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About Oregon daily emerald. (Eugene, Or.) 1920-2012 | View Entire Issue (Feb. 27, 1929)
University of Oregon, Eugene
ARDEN X. PANGBOBN, Editor LAUBENCE B. THIELEN, Manager
EDITOBIAL BOABD '
W. E. Hempstead Jr.Assoc. Editor Leonard Hagstroin.Assoc. Editor
Joe 1’igney.Assoc. Editor Arthur Schocni.Managing Editor
Carl Grigory .
UPPER NEWS STAFF
.Asst. Managing Editor Joe I’igney ..
.Feature Editor Lavina Hicks ..
.Literary Editor Leonard Delano .
Clarence Craw ...Makeup Editor
News and Editor Fhone 666
.....P. I. P. Editor
DAY EDITORS: Vinton Hall, Lawrence Mitchelmore, Serena Madsen, Carl Gregory.
Harry Tonkon ; Mary Klemm and Mary Frances Dilday, assistants.
NIGHT EDITORS: Rex Tubs Inf: cnief; Fred BcchJll, Victor Kaulman, Cbarlea Barr.
Thornton Shaw, Mildred Dobbins.
ASST. NIGHT EDITORS: Max Carman, John Dodds, Evelyn Hartman, Beatrice
Bennett, Jean Carman, Jo Barry, Ralph Ycrgcn, Aiyce Cook, Dave Totton,
Graremary Rickman. Eleanor Jane Ballantync.
GENERAL ASSIGNMENT REPORTERS: Margaret Clark, Wilfred Brown, Carol
llurlburt, Audrey Hcnrikson.
EPORTS STAFF: Delbert Addison, Alex Tamkln, Joe Brown, Fred Schultz, Harry
Van Pine, Warren Tinker, Harold Krnundorf.
REPORTERS: Mary Klemm, Myron Griffin, Muryholon Koupul, Clcta McKcnnofl,
Margaret Reid, Alice Gorman, T. Neil Taylor, Willis Duniway, Lois Nelson,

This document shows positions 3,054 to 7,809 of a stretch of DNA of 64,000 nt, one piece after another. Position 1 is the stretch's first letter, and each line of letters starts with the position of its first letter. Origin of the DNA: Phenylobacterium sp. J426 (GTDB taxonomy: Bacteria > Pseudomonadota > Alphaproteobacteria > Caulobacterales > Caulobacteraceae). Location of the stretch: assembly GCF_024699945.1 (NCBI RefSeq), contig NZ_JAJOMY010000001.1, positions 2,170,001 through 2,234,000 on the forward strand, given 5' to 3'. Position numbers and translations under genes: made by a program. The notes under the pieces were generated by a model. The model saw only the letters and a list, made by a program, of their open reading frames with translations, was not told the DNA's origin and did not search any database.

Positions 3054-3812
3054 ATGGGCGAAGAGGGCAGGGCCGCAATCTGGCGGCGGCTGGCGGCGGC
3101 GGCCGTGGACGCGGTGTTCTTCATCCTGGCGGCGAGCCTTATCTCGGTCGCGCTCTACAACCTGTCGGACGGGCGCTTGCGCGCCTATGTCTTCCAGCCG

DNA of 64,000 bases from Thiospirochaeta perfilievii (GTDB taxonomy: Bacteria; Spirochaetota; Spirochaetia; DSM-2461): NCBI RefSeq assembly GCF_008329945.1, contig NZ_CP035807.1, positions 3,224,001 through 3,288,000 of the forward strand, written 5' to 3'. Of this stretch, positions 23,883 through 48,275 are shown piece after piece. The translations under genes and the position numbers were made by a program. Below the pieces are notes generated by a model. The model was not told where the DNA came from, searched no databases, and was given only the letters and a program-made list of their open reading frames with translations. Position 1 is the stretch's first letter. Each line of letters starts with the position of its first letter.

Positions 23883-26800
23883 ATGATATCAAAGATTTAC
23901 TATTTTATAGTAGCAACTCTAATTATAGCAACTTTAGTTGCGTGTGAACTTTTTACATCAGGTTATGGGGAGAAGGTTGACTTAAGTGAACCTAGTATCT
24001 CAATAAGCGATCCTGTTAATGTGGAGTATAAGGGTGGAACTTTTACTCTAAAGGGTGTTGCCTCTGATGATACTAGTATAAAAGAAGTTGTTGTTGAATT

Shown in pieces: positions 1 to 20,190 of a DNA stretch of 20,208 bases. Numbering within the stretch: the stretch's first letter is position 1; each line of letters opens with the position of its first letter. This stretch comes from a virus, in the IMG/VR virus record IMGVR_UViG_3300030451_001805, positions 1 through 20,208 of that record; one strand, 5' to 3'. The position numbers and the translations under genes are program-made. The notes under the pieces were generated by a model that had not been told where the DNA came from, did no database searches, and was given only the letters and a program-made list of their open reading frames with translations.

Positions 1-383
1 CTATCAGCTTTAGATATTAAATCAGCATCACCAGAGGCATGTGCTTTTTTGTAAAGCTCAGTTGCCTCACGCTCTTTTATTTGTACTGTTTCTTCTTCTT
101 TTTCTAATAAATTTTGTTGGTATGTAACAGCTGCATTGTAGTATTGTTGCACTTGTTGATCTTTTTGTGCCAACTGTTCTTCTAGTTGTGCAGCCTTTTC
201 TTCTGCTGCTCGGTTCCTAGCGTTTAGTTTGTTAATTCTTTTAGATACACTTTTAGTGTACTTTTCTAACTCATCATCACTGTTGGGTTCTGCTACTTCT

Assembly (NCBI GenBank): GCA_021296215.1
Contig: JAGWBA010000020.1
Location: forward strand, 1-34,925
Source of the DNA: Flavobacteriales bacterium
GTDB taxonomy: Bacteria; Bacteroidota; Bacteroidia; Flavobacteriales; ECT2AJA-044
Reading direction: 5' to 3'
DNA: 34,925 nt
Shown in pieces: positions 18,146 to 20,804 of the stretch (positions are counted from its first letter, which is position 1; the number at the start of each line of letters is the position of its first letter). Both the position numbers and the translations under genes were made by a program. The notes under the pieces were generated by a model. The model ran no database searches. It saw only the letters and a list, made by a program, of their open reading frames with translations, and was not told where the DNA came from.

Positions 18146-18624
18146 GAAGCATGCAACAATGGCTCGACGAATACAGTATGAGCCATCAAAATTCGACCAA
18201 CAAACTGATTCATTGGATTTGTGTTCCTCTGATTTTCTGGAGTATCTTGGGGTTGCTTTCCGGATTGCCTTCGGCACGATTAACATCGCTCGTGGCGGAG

Dorothy Thomas, Phyllis VanKimmc), David Wilson, Ailccn Barker, lillae Schroeder,
Osborne Holland, Henry Lumpcc, Merlin Blais, Ilex Tnssing, Mack Hall, Helen
Cherry. Barney Miller, Bob Guild, Mary Ellen Ma3on, Ruth Gaunt, Lcnore Ely,
William IT. Hammond Associate Manager Charles Reed _Advertising Manager
George Weber Jr.Foreign Adv. Manager Richard Horn..Asst. Adv. Manager
Dorothy Ann Warnick....Asst. Foreign Mgr. Harold Kester.Asst. Adv. Manager
Phil Hammond.Service Dept. Ted Hewitt.Circulation Manager
Ruth Crcager.Secretary-Cashier Larry Jackson.Asst. Circulation Mgr.
Margaret Poormsn.Mgr. Checking Dept
Business Office Phone 1896
ADVERTISING SALESMEN: Addison Brockman. Lucille Catlin, Kmmajane Rorcr
Bernard Clappcrton, William Cruikshank, Elaine Henderson, Bob Holmes, Ina
Tremblay. Betty Hagen. Margaret Underwood, Osborne Holland.
OFFICE ASSISTANTS: Harry Hanson. Dorothy Jones, Cleota Cook, Kathryn I’crigo,
Juliannc Benton. Guy Stoddard, Louise Gurney, Jane Gilbert, Fred Reid.
The Oregon Daily Emerald, official publication of the Associated Students of the
University of Oregon, Eugene, issued daily except Sunday and Monday, during the
college vear. Member of the Pacific Inter-collegiate Press. Entered in the post office
at Eugene, Oregon, us second class matter. Subscription rates, $2.00 a year. Adver*
titling rates upijn application. Resilience phone, manager, 2799. Jo Stofiel, secretary.
Dan Editor ThU Issue— Lawrence Mitchelmore
Night Editor This /seas—'Urntrfco Bennett
ITW" r"'r ' Aral. Night Editors—Evelyn Hartman
Sibylo Weskil o
l'1 I,||'* li f lit* '»U»1 W«*H. li
jSil open lei I it to tliu Groutin'
Hollowing is uit o'llitoi'iiil clipped
from the Tech Hep, paper of tliu
Benson Polytechnic school of Port
« ‘•'j’liorf'B :i reason why Pop Wor
ker's boys will gjlllies. ’
“During the progress of the
TlmnUsgiving Pay game ul; the
Multnomah stadium between tin1
Medford so-called high school ttaum
(wo siiy so-called because they were
of college ealHire) and the Benson
J*olytechoic school boys, after many
astonishing and admiring statements
had, been made respecting the Med
ford boys one of tluv residents, of
that thriving city gave us some of
the. inside dope. Ho declared that
Pop Warner had scouted the game